None of this is truly bad news. We’re way beyond strictly adhering to the Rec 709 spec; it’s hideously outdated, and we’d be crippling ourselves artistically if camera manufacturers truly followed it. What’s interesting to see is how manufacturers find ways to cram a camera’s full dynamic range into the Rec 709 spec in usable ways. In this case Sony gives use six stops of dynamic range above middle gray where the Rec 709 spec only calls for about 2.5, and they roll off contrast nicely in the highlights while preserving a fair amount of contrast in the mid-tones. Still, some say that mid-tones look a little dark on the Sony F55 when exposed normally, and the reduced contrast that comes from placing an extra stop of information between 40IRE and 80IRE may be why.
The first thing I checked was to make sure that middle gray actually fell where it was supposed to:
This is the DSC Labs OneShot Dailies chart. The background is a perfect 18% middle gray. I used “line” mode in Sony Raw’s viewer to verify that it was exposed correctly. (“Line mode” only reads values on a single horizontal and vertical line. For example, the horizontal waveform at the top of the frame is only reading values that fall under the dotted horizontal line. The same thing happens on the left side of frame with the vertical dotted line.) The gray background appears to fall at 40IRE, which is exactly where it should. (Exposure was determined using an incident meter calibrated at Quality Light Metric in Hollywood.)
I then looked at the flesh tone patches:
The vertical line passes through all the flesh tone patches so I can see their values on the left-side waveform. The green channel is generally a good reference for determining where luma falls as 70% of the luma channel is derived from green, and for the three brighter patches green falls at 40IRE or 60IRE. That seems bright enough to me…
I decided to play around a bit in Sony Raw Viewer and see if I could make LC-709A look a little more like a classic Rec 709 image, at least in the mid-tones. I made a curves adjustment to expand the steps between 40IRE and 80IRE, pushing the second step up from middle gray to 80IRE and pushing the third step farther into the highlight curve. I went from this:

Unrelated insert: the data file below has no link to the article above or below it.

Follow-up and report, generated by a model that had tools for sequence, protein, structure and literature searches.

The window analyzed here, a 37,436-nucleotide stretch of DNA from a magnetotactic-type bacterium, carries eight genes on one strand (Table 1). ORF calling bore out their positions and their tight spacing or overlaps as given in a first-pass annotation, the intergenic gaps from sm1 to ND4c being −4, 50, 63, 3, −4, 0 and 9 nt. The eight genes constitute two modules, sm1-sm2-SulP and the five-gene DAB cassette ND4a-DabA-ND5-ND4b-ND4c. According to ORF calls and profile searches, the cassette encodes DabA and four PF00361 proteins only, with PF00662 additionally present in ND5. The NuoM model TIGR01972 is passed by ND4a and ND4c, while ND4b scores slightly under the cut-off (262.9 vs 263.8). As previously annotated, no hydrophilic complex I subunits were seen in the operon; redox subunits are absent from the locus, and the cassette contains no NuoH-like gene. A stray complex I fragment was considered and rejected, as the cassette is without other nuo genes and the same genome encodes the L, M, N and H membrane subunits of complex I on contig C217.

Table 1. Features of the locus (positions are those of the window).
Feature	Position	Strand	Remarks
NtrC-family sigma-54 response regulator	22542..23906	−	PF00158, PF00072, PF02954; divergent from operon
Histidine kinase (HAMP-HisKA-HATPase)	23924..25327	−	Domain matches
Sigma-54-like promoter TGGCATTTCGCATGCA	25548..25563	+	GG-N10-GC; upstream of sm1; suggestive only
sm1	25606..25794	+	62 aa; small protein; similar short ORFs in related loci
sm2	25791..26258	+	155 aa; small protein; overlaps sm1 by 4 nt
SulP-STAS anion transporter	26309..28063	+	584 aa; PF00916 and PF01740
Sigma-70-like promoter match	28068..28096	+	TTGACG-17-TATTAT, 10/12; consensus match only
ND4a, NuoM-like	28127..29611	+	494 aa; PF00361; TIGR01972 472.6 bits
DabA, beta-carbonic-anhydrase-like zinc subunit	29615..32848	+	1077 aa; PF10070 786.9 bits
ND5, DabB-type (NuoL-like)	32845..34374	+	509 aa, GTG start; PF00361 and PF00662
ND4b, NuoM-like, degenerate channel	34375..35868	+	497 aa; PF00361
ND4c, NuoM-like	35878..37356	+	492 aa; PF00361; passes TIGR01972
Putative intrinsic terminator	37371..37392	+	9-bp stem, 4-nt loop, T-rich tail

Here’s the curve adjustment:
And, lastly, here are the pictures. Before:
Both looks have their merits. The look with the curves adjustment looks a lot more like what I’d expect it to after basing my exposure off an incident meter reading, but the non-curved version has a pleasing “filmic” quality.
There’s always a tradeoff, however. Here’s what the same shot looks like when it’s overexposed six stops. Here it is without the curve:
And with the curve:
You don’t get something for nothing. By increasing contrast in the mid-tones we reduced contrast in the highlights, so while highlight detail holds without clipping it looks washed out because the stops in the highlight curve are jammed closer together.
Ultimately, though, we’re just messing around with a prebuilt LUT here. The beauty of the F55, in combination with Sony Raw Viewer and Resolve, is that you can build your own LUTs and either load them into the camera, or into a LUT box on set, or into Resolve or another post grading tool. Everything I’ve done here I did on top of log footage captured to XAVC. That’s where we are now: we can combine the power and beauty of log curves and LUTs and record them to a very basic recording format. For all the changes happening in the industry right now, the one thing you can’t say is that our tools are becoming less flexible.
If you’d like to try this curve out, you can download it here: LC709A with Zone 6 tweak. I take no responsibility for your results unless they are good ones. Use at your own risk, and when in doubt—test.
In this article I refer to IRE values, when the currently correct terminology is actually “%”. I’m aware of this, but I’m also aware that an article that refers to both waveform percentages and reflection percentages can quickly become confusing.
I’ve worked as a paid consultant to both DSC Labs and Sony, Inc.
About the Author
Director of photography Art Adams knew he wanted to look through cameras for a living at the age of 12. After ten years in Hollywood working on feature films, TV series, commercials, music videos, visual effects and docs he returned to his native San Francisco Bay Area, where he currently shoots commercials and high-end corporate marketing and branding projects.
When Art isn’t shooting he consults on product design and marketing for a number of motion picture equipment manufacturers. His clients have included Sony, Arri, Canon, Tiffen, Schneider Optics, PRG, Cineo Lighting, Element Labs, Sound Devices and DSC Labs.
His writing has appeared in HD Video Pro, American Cinematographer, Australian Cinematographer, Camera Operator Magazine and ProVideo Coalition. He is a current member of the International Cinematographers Guild, and a past active member of the SOC and SMPTE. His website is at www.fearlesslooks.com. Find him on Twitter: @artadams.